When their lights turned on, the glow from the three glass pillars flooded the plaza in front of city hall. The achievements of Lakewood’s founders literally shined for new generations of Lakewood residents, symbolically lighting the way to the city’s future.
“At the top of each pillar is an icon in glass of a Lakewood house representing," Gaulke notes, “the heart of the Lakewood community – the homes of its residents.” Wrapping around the top of each pillar, in raised metal letters, are the words “Legends of Lakewood Pillars of Community.”
The three pillars were designed to be visually dynamic both in daylight and at night. Each pillar is composed of four translucent glass panels in which a different historic, black and white photograph of Lakewood is embedded. This photograph forms the backdrop for other embedded photographs – some old, some new – as well as interpretive text that identifies those being honored as Lakewood “legends.”
The names of those honored will stand out on engraved glass bricks. “Bricks are a common building material,” Gaulke points out, “but these bricks are extraordinary. They are made of dichroic glass and appear jewel-like. The effect is magical. As the viewer movers past each pillar, the light falling on each brick will be reflected and refracted, causing the surface to change color continually.”
Over time, additional names of Lakewood “legends” will be added to the pillars, making them a unique “civic hall of fame” of Lakewood’s community leaders.
The commissioning of a major artwork celebrating the “Legends of Lakewood” who were honored during the city’s fiftieth anniversary year was made possible by a grant from the S. Mark Taper Foundation.
Click image to see full program brochure in PDF
Themes and images: Founders
Each pillar in the commemorative artwork is organized around a specific concept and identified in the large, bold lettering of the pillar’s thematic statement.
- The Founders pillar honors the three pioneer developers of Lakewood – S. Mark Taper, Ben Weingart, and Louis Boyar – and Lakewood’s City Attorney Emeritus John S. Todd, father of the Lakewood Plan of city government.
The pillar’s thematic statement is “We remembered the future,” calling to mind how the city’s founders designed a new community that would endure and embrace the future. The Founders pillar also celebrates Lakewood as the nation’s first “contract city.”
- The Vision pillar honors the men and women who, in the early 1950s, realized their hopes for a community of homes, schools, parks, and places of worship. In seeking cityhood in 1954, they sought to protect the values and newborn traditions of Lakewood. The pillar’s thematic statement is “Our best years are ahead of us,” celebrating their spirit of optimism.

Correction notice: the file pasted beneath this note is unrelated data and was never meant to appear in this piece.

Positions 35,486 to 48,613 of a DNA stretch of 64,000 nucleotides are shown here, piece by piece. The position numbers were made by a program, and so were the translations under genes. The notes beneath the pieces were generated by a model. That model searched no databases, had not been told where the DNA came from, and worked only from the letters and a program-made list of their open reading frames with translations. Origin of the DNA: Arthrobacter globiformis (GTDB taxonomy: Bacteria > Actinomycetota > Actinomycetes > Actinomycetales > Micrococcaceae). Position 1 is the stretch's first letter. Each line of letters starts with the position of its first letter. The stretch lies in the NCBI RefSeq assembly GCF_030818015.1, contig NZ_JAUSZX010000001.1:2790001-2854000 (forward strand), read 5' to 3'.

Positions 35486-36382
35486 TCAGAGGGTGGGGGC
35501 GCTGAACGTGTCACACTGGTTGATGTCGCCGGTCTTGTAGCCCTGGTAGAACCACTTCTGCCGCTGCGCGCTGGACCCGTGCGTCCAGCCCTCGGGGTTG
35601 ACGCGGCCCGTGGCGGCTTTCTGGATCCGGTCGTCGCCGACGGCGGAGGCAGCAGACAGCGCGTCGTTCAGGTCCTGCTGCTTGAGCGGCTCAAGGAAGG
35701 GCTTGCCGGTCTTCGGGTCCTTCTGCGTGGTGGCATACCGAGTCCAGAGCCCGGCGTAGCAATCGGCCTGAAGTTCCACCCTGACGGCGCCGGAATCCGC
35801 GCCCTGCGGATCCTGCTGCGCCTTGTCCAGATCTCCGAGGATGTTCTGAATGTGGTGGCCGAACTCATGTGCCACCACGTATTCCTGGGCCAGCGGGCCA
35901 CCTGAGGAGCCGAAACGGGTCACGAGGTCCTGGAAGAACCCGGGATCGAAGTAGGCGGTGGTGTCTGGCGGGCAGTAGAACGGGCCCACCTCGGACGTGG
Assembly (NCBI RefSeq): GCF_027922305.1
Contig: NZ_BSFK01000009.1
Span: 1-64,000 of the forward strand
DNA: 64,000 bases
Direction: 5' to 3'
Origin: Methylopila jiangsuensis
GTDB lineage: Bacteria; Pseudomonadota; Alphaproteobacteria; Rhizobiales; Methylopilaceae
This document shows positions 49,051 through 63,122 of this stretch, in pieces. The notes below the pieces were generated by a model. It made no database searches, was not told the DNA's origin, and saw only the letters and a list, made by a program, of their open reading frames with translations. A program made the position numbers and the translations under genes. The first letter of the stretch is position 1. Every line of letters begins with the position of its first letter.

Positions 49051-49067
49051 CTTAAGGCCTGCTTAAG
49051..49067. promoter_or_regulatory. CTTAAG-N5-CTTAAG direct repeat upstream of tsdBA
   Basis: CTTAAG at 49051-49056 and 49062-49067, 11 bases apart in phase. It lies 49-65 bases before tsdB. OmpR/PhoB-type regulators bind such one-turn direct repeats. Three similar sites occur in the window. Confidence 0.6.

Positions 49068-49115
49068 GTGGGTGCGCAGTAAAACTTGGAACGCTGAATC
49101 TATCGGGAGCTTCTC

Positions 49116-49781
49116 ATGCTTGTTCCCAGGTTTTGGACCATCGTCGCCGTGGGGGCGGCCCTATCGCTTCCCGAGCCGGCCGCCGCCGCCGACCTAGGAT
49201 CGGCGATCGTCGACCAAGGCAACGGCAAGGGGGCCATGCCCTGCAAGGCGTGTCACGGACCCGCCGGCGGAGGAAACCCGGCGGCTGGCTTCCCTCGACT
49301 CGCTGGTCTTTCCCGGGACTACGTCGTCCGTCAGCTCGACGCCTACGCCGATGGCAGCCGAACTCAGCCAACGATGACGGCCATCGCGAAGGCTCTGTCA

The Vision pillar includes all the members of the city’s founding generation of residents as well as Donald Rochlen (an organizer of the incorporation movement), the members of the first Lakewood City Council (Gene Nebeker, Angelo Iacoboni, George Nye, Jr., William Burns, and Robert Baker), and the leaders of the county departments whose participation in the first years of the city’s “contract plan” made Lakewood possible.
- The Community pillar honors some of the men and women associated with the founding of Lakewood’s civic institutions. Dr. Walter Montano and Jess Solter are remembered as the founders of the Lakewood Pan American Festival. Former Mayor Jacqueline Rynerson is remembered as one of the active community volunteers who worked for the incorporation of Lakewood in 1954 and who continued to be active through the decades that followed.
Text on the Community pillar will remind visitors that Lakewood is a “Tree City USA” and a “Sportstown USA.” The pillar’s thematic statement is taken from the city’s anniversary celebration: “Times change. Values don’t.”
Lakewood History Online
Much additional historic detail related to the Pillars of Community is contained within the Lakewood Online history special section.
City officials see the pillars experience as the centerpiece for the many school tours hosted at city hall each year. The Community pillar asks two provocative questions they hope youngsters will address: What makes someone a pillar of the community? How can an individual make a difference?
To help visitors follow the themes and photographs that tell the stories of Lakewood’s “legends,” the city will publish an illustrated guide to Pillars of Community offering additional information about those who are honored. The free guides will be available from special display racks at city hall and in the lobby of The Centre at Sycamore Plaza.
Lakewood’s rich history and optimistic future profiled on CityTV and DVD
In celebration of the 50th Anniversary, CityTV Channel 31 is currently cablecasting insightful looks at Lakewood's past, present, and future in a special documentary series: "The City as New as Tomorrow." The series blends historical photography, film and video footage, and interviews with Lakewood residents. It will be available for purchase at the Club Lakewood store. Documentaries are also available in conjunction with the new "Lakewood Story" history book.
Lakewood’s rich history is explored in this series of CityTV documentaries, complete with historical photographs, film and video footage, and interviews with Lakewood residents. The full three-part series is on DVD and available for purchase at the Club Lakewood Online Store.